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    Budgeting Procedure


    A budget is used by a business to set expectations for revenues and expenses in future periods. The process of preparing a budget should be highly regimented and follow a set schedule, so that the completed budget is ready for use by the beginning of the next fiscal year. Otherwise, a late budget will not be available for the purpose of comparison to actual results in the next fiscal year.

    Here are the basic steps to follow:

    1. Update budget assumptions. Review the assumptions about the company's business environment that were used as the basis for the last budget, and update as necessary.
    2. Note available funding. Determine the most likely amount of funding that will be available during the budget period, which may limit growth plans.
    3. Step costing points. Determine whether any step costs will be incurred during the likely range of business activity in the upcoming budget period, and define the amount of these costs and at what activity levels they will be incurred.
    4. Create budget package. Copy forward the basic budgeting instructions from the instruction packet used in the preceding year. Update it by including the year-to-date actual expenses incurred in the current year, and also annualize this information for the full current year. Add a commentary to the packet, stating step costing information, bottlenecks, and expected funding limitations for the upcoming budget year. Also state any guidelines for capital budgeting requests.
    5. Issue budget package. Issue the budget package personally, where possible, and answer any questions from recipients. Also state the due date for the first draft of the budget package.
    6. Obtain revenue forecast. Obtain the revenue forecast from the sales manager, validate it with the CEO, and then distribute it to the other department managers. They use the revenue information at least partially as the basis for developing their own budgets.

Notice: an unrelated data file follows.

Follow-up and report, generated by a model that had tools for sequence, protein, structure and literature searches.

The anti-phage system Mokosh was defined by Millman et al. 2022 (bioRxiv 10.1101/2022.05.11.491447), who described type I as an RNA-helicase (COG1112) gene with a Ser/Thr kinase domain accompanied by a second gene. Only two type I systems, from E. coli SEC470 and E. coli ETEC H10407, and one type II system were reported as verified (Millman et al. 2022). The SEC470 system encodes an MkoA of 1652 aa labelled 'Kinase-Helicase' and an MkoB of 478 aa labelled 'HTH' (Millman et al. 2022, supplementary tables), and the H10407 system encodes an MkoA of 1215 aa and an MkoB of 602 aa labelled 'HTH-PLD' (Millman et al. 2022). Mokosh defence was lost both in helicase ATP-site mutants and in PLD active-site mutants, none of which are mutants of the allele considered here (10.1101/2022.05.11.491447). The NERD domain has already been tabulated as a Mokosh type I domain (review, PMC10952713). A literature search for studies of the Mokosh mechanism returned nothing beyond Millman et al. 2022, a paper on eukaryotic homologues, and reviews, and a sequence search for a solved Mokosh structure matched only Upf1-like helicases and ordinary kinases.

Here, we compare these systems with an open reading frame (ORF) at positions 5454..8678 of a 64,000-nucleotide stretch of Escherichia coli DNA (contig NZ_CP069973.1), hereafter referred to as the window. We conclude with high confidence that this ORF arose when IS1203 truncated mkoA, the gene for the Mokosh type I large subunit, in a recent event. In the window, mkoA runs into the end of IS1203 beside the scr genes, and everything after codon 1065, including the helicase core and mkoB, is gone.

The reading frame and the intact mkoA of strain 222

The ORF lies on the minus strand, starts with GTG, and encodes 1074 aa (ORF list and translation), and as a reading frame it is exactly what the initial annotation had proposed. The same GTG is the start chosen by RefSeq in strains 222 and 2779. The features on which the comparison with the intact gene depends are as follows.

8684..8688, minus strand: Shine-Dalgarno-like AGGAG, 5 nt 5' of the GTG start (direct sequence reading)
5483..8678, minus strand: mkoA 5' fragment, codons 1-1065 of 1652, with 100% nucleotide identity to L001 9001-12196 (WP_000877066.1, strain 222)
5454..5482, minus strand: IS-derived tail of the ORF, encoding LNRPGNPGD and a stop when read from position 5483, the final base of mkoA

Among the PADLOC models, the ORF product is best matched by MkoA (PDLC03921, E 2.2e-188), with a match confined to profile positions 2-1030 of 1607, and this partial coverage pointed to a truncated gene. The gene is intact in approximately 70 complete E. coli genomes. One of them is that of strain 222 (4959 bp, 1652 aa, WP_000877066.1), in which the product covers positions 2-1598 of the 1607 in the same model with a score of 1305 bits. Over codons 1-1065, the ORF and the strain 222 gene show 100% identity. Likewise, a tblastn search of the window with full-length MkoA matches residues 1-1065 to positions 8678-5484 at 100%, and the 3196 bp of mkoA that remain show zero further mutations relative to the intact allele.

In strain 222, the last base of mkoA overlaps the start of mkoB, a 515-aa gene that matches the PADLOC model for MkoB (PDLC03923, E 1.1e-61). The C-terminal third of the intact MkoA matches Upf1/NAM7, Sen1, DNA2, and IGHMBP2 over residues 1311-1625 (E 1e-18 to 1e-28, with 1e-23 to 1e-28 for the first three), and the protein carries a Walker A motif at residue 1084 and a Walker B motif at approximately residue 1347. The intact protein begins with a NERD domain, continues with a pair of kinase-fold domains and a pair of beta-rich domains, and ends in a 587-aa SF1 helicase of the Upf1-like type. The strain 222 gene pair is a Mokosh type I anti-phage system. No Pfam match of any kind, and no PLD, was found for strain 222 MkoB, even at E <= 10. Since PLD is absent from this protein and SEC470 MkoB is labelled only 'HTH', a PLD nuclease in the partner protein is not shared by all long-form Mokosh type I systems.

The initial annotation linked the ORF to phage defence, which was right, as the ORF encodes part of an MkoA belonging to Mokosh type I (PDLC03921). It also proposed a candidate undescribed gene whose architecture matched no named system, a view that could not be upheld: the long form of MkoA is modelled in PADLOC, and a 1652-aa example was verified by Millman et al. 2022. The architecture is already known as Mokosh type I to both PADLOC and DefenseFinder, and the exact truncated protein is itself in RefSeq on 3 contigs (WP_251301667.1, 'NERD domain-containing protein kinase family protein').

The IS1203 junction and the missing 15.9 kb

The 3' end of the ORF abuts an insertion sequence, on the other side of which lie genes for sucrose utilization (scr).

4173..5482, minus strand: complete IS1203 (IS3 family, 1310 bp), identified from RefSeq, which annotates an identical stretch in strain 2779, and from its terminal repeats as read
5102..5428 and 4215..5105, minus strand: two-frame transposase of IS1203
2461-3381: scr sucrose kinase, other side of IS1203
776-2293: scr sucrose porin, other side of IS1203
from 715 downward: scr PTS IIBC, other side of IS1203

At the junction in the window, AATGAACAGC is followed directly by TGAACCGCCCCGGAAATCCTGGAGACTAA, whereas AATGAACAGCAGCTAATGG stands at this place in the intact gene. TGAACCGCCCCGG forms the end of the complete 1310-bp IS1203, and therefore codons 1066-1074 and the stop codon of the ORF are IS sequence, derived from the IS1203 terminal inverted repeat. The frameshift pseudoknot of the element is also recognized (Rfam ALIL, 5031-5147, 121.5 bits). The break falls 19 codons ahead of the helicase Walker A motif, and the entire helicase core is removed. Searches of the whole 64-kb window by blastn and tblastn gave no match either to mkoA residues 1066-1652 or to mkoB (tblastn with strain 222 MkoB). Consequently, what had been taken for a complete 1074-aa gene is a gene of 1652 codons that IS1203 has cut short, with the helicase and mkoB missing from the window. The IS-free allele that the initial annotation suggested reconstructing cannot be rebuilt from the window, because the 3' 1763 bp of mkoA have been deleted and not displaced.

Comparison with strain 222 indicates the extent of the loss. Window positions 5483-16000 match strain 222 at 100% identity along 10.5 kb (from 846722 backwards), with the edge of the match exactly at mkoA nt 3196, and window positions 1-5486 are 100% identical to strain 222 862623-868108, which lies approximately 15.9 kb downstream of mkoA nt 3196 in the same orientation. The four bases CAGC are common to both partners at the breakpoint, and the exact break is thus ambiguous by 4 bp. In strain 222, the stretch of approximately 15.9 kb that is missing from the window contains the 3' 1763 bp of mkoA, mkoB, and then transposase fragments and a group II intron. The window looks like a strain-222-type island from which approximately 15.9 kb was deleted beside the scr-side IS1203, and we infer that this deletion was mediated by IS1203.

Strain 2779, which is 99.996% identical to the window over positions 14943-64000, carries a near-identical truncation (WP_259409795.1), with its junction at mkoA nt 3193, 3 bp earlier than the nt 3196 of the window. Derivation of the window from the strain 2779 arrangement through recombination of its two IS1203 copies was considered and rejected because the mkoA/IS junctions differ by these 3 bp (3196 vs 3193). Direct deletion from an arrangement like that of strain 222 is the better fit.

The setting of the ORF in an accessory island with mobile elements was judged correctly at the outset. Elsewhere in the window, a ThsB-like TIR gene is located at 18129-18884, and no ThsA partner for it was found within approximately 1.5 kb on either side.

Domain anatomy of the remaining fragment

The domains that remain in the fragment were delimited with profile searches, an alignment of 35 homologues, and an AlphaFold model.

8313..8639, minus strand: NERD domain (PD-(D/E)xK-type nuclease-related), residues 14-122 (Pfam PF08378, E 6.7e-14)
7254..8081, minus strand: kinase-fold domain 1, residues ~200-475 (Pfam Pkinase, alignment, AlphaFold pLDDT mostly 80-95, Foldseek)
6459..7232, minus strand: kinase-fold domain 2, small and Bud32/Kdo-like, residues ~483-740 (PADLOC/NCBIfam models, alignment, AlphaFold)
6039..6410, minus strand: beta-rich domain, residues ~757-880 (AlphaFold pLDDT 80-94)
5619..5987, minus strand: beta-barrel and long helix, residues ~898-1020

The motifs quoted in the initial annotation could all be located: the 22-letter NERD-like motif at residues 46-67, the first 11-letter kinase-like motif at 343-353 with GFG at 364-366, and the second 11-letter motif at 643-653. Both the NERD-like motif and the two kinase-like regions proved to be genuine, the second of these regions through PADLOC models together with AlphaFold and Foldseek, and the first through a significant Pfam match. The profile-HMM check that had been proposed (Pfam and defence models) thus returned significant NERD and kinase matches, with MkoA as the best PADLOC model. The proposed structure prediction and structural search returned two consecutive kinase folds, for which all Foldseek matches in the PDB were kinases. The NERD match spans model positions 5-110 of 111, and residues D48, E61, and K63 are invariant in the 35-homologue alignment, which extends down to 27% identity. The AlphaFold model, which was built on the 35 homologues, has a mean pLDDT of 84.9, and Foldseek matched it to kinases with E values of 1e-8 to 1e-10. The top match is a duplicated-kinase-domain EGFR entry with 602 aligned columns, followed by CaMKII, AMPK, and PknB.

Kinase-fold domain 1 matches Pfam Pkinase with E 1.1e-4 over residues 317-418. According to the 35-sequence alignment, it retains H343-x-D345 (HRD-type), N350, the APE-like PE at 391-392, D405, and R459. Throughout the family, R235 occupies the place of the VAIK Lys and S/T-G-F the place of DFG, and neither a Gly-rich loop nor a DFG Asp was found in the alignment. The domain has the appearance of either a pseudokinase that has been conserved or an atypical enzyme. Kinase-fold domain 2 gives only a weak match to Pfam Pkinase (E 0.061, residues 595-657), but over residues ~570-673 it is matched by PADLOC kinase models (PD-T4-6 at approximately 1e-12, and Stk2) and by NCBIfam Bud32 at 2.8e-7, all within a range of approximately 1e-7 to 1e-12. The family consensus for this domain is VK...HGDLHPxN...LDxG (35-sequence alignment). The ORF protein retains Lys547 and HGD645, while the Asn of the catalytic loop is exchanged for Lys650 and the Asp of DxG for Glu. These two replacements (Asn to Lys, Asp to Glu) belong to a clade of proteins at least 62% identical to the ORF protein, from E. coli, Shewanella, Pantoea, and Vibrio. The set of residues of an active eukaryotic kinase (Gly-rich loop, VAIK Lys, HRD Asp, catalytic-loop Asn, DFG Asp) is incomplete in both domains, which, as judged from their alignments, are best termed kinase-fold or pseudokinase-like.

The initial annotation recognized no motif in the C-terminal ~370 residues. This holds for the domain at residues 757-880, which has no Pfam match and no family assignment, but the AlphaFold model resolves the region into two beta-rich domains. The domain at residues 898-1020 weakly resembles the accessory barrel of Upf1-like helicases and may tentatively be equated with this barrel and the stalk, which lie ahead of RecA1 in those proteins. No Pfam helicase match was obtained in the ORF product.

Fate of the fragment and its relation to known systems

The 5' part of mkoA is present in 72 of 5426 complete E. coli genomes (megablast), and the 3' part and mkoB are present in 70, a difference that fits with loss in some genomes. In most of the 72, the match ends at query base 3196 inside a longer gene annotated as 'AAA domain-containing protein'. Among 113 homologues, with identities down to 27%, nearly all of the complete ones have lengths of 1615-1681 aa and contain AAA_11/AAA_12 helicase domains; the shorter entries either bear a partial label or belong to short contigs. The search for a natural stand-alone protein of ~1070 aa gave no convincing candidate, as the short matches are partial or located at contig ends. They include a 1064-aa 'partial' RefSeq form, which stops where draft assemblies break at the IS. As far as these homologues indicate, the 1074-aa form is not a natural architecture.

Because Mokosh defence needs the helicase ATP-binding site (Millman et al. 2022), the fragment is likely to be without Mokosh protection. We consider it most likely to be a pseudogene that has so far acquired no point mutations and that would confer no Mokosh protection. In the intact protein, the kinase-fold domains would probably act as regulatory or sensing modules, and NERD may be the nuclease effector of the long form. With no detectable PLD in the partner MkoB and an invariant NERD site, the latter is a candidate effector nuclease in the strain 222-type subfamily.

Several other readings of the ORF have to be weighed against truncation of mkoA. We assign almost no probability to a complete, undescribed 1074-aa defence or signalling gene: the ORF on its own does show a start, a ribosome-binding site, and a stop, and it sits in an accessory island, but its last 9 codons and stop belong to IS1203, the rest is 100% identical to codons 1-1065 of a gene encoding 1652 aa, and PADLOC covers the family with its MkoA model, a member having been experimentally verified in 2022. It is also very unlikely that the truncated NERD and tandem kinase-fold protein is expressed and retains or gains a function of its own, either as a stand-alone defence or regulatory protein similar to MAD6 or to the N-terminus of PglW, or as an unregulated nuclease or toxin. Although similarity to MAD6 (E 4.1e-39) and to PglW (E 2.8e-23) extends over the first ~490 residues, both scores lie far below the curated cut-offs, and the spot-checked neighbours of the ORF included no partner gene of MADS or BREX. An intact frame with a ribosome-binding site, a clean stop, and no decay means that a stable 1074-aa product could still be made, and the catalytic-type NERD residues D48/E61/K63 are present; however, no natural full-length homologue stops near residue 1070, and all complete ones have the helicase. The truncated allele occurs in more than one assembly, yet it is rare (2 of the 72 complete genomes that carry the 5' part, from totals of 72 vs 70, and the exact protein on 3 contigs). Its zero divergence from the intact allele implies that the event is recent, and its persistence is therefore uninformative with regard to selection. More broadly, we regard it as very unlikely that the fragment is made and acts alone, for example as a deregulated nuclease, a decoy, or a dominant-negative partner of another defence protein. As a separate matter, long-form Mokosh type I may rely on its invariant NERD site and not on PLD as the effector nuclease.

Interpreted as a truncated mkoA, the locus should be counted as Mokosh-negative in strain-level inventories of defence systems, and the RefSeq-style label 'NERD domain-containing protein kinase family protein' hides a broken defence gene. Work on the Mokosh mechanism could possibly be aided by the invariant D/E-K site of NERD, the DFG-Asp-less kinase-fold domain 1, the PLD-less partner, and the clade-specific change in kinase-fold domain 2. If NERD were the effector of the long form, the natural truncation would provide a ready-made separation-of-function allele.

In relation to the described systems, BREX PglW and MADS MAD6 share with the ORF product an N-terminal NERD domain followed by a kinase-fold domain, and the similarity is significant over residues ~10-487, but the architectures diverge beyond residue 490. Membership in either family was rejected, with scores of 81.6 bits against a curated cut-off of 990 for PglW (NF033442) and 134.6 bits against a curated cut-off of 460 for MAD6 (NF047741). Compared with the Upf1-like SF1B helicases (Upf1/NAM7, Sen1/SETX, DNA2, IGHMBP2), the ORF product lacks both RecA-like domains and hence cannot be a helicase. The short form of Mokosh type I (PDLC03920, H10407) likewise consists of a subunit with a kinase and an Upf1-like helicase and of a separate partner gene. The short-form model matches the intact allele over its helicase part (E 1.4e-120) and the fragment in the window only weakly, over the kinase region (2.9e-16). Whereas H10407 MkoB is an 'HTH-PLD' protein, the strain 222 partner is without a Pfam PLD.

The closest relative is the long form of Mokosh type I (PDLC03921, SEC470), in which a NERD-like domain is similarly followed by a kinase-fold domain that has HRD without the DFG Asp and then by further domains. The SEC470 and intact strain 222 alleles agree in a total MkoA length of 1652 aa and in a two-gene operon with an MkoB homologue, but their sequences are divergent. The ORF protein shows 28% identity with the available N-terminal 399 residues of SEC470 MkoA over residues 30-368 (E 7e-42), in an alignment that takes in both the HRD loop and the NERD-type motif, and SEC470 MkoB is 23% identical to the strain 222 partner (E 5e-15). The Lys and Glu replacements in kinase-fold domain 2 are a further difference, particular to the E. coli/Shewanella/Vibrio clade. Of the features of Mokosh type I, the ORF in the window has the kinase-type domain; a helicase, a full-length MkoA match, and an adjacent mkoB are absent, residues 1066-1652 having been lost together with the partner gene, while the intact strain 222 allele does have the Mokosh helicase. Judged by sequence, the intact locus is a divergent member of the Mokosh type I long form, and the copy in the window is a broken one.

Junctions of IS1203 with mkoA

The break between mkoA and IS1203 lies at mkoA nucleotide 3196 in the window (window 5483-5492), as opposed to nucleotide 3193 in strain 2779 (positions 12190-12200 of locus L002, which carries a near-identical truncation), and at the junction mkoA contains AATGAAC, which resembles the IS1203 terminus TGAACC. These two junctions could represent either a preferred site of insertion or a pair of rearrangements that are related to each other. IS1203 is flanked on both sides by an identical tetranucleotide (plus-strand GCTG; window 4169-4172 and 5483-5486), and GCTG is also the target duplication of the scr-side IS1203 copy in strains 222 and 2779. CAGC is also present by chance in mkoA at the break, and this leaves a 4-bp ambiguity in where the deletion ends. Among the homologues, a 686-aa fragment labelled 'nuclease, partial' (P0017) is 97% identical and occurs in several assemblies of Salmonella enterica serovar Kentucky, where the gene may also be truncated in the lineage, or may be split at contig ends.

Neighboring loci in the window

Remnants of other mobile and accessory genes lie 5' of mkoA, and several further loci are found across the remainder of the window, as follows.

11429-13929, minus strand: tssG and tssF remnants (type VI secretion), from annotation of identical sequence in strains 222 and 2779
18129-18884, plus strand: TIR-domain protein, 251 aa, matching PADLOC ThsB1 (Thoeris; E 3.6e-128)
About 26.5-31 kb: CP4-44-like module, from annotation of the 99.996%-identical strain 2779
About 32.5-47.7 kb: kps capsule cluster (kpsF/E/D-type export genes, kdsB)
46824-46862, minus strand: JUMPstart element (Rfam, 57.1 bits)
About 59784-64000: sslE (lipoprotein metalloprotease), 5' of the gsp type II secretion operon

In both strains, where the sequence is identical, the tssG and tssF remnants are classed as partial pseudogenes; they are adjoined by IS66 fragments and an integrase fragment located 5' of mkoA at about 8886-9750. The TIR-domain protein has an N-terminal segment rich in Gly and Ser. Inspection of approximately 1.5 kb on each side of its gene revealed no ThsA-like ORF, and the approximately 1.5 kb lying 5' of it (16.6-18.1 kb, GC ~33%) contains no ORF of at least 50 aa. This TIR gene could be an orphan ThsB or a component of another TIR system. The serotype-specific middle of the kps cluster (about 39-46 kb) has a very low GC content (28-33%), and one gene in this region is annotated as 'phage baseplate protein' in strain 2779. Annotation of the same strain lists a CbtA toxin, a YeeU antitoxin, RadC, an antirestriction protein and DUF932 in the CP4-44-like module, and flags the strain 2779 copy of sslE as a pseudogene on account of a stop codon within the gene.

7. Obtain department budgets. Obtain the budgets from all departments, check for errors, and compare to the bottleneck, funding, and step costing constraints. Adjust the budgets as necessary.
    8. Validate compensation. Send the compensation requests contained within the department budgets to the human resources manager for validation. This should include matching against pay ranges and ascertaining whether payroll taxes are being correctly calculated.
    9. Validate bonus plans. Have the senior management team validate the terms under which bonus plans have been arranged, and whether the conditions of those agreements are reasonable. If bonus payments are more likely than not to occur, include them in the budget, along with applicable payroll taxes.
    10. Obtain capital budget requests. Validate all capital budget requests and forward them to the senior management team with comments and recommendations. Match to the fixed asset disposal report to ensure that assets are being replaced.
    11. Update the budget model. Input all budget information into the master budget model. Verify that payroll tax rates in the model are updated for the budget year. Update the depreciation expense in the model, based on the fixed asset disposal and capital budget request information already received.
    12. Review the budget. Meet with the senior management team to review the budget. Highlight possible constraint issues, and any limitations caused by funding restrictions. Also test for the validity of the turnover ratios for accounts receivable, inventory, and accounts payable in relation to historical metrics, as well as sales per salesperson. Note all comments made by the management team, and forward this information back to the budget originators, with requests to modify their budgets.
    13. Process budget iterations. Track outstanding budget change requests, and update the budget model with new iterations as they arrive. Be sure to update estimated interest expense and income, as the financing portion of the budget is clarified.
    14. Obtain approval. Forward the budget to the board of directors for approval.
    15. Issue the budget. Create a bound version of the budget and distribute it to all authorized recipients.
    16. Load the budget. Load the budget information into the financial software, so that you can generate budget versus actual reports.
    17. Verify loaded budget. Compare the budget loaded into the accounting software to the approved budget version, and adjust for any errors.
    18. Lock down budget. Initiate password protection of the budget model. Also, create a copy of the model and archive the copy.

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